The adhesion of osteoblasts to substrates is mediated through proteins that have adsorbed to the substrate, providing integrins on the cell membrane with ligands to connect to. The integrins regulate cell behavior through bi-directional signaling pathways. This critical review has the purpose to consider the research that has been performed with osteoblasts, integrins, and bone replacing materials. Until now, most research has been done to investigate the integrin expression of osteoblasts in culture during cellular adhesion. However, it remains difficult to draw general conclusions from this research. Nevertheless, it can be concluded that the used substrates and protein or peptide coatings can influence the integrin expression and cellular behavior. Additional research has to be done to fully understand all the parameters involved in integrin expression, the adhesion of cells to substrates, and the subsequent cellular behavior. For this purpose, model substrates are under development. The signaling pathway is receiving more and more attention, but for biomaterial purposes, too little consideration is paid to the translation of the in vitro results to the in vivo situation, and to practical applications.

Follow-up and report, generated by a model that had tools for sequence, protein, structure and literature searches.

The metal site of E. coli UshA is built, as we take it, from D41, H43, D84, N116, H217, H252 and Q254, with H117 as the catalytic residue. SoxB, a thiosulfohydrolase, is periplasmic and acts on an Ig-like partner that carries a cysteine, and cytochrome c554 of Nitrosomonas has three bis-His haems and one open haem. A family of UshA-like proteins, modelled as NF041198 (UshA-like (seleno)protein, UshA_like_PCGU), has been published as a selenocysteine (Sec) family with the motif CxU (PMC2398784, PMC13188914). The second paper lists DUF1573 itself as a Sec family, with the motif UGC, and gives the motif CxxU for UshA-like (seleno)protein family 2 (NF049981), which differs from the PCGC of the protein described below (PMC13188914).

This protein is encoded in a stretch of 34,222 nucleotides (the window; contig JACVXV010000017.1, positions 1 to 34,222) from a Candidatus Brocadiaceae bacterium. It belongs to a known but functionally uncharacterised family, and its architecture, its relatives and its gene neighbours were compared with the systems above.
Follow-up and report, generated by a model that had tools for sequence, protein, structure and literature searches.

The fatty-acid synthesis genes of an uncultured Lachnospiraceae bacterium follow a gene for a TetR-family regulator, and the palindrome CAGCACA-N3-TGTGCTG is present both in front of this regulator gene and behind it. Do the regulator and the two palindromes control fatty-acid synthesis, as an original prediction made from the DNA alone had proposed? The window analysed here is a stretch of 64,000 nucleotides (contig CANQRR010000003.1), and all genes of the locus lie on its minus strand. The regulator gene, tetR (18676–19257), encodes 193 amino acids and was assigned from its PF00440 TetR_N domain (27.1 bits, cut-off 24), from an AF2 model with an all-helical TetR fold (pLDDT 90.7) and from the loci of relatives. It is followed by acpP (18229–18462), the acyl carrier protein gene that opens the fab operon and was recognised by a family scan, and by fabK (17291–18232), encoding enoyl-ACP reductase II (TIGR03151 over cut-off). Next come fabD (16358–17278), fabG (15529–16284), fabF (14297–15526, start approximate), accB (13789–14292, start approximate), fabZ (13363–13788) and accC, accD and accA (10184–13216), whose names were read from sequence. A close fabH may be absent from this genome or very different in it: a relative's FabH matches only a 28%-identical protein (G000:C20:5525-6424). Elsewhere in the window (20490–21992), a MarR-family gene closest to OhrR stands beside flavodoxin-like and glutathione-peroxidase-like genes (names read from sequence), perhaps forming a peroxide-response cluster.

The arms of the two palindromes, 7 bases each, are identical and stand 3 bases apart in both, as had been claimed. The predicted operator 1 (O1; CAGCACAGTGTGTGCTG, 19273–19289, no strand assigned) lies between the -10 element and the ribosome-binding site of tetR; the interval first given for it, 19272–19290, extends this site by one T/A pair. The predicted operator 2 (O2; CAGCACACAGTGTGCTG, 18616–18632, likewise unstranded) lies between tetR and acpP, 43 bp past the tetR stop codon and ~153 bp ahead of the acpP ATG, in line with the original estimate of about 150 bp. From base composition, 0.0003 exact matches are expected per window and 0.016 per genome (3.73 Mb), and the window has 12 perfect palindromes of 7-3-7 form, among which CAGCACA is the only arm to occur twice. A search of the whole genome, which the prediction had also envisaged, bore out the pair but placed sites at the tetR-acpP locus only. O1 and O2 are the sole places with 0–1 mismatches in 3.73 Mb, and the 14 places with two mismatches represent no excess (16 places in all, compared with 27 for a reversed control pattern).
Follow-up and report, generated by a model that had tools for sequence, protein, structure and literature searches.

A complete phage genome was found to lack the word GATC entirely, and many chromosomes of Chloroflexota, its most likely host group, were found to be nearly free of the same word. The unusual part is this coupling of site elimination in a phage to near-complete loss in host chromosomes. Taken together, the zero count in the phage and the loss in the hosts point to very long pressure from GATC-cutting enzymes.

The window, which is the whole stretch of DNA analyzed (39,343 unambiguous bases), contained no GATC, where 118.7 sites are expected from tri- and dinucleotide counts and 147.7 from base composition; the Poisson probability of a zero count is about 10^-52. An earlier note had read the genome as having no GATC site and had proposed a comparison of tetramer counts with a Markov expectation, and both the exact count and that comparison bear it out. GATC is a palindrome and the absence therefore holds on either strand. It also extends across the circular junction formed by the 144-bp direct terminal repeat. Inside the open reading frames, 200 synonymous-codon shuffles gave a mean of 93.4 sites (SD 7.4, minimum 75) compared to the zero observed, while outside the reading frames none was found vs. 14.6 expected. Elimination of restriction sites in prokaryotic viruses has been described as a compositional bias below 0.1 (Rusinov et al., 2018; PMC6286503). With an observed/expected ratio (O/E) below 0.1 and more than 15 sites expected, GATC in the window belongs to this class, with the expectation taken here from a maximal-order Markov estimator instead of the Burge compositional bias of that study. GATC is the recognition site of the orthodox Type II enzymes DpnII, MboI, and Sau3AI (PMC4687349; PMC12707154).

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Department of Internal Medicine

Siebers, M., ter Brugge, P., Walboomers, F., & Jansen, J. (2005). Integrins as linker proteins between osteoblasts and bone replacing materials. A critical review. Biomaterials (Vol. 26, pp. 137–146). doi:10.1016/j.biomaterials.2004.02.021